Dr. King cites the political philosopher Montesquieu on his ideology of the weakness of laws. He further details the comparison of coexistence and consecutive social status. Dr. King concludes with the elaboration of Montesquieu's use of facts.

Letter from Dorothy Height to Dr. and Mrs. King

Thursday, December 8, 1966
New York, NY, Washington, D.C., Atlanta, GA

Noted civil rights leader and women's activist Dorothy Height invites Dr. and Mrs. King to be special guests at the National Council of Negro Women's Life Membership Dinner. The event is also set to honor union leaders A. Philip Randolph, Walter Reuther and Mrs. Arthur Goldberg. Singer Lena Horne serves as a co-host to the dinner.

Letter from Mrs. Emma L. Jones to MLK

Wednesday, February 3, 1965
Atlanta, GA, Richmond, VA

Emma L. Jones writes Dr. King on behalf of Third Street Bethel A. M. E. Church requesting permission to use his name and picture on their key ring project.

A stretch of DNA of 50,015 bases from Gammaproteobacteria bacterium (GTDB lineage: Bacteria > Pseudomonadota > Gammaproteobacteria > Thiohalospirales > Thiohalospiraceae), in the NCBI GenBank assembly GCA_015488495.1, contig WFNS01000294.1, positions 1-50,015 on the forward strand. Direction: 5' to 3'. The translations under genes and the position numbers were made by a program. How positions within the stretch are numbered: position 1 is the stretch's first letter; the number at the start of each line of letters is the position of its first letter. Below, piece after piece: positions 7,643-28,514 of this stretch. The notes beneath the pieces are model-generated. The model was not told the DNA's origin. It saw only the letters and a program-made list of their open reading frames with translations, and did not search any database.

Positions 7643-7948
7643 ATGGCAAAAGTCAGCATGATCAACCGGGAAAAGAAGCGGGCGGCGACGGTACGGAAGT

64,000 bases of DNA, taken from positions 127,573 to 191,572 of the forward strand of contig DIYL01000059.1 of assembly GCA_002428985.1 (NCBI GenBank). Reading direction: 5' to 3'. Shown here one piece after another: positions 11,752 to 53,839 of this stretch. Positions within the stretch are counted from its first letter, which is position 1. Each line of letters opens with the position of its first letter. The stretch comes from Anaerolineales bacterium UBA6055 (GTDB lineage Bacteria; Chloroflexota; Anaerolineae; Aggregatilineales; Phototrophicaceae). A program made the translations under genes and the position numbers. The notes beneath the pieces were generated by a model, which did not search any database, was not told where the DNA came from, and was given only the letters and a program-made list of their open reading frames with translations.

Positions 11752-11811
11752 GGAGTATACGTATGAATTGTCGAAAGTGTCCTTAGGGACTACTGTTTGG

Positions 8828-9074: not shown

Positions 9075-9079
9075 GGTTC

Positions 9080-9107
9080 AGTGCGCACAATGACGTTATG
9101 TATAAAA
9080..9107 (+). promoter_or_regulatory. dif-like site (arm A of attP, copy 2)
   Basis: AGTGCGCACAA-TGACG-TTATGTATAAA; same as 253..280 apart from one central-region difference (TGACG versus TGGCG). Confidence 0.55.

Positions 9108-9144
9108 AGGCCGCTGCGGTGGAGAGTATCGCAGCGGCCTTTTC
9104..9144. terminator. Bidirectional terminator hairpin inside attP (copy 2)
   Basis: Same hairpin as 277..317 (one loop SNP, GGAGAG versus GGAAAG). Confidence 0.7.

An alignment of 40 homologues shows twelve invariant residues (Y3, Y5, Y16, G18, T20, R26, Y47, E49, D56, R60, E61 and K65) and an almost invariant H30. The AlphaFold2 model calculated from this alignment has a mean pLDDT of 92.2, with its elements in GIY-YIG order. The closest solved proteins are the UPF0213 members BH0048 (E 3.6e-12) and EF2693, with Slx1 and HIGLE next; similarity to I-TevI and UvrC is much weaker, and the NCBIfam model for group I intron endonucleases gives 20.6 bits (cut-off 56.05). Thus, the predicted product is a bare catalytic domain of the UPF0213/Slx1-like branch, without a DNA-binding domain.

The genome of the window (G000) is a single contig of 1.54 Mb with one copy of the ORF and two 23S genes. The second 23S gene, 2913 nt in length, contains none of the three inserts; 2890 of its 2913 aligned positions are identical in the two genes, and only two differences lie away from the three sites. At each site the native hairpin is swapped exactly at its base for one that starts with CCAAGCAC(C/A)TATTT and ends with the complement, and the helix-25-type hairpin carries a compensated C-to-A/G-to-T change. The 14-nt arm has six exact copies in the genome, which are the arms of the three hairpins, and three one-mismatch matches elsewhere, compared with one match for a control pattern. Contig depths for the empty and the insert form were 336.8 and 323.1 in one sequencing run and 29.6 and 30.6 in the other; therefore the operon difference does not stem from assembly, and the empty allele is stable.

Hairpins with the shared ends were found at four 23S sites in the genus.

Support Correspondence from Harold Ford to MLK

Sunday, September 3, 1967
Washington (WA)

In this letter, Harold Ford stresses the importance of the movement and the need for more privileged whites to lend a helping hand. He states that everyone has a moral responsibility to ensure the welfare of man kind and no one should haphazardly turn a blind to the issues of race and economics.

Letter from Philip M. Segelin to MLK

Wednesday, July 29, 1964
Ohio (OH), Cleveland, OH, Georgia (GA), Atlanta, GA

Philip M. Segelin, Member of the Cleveland Heights-University Heights School Board, informs Dr. King that he has read Dr. King's book "Why We Can't Wait" and that said publication has provided enlightenment on the issue of civil rights. He recommends that Dr. King look into having a paperback edition published to widen distribution.

Letter from Rosemary O'Neill to MLK

Tuesday, March 26, 1968
New York (NY)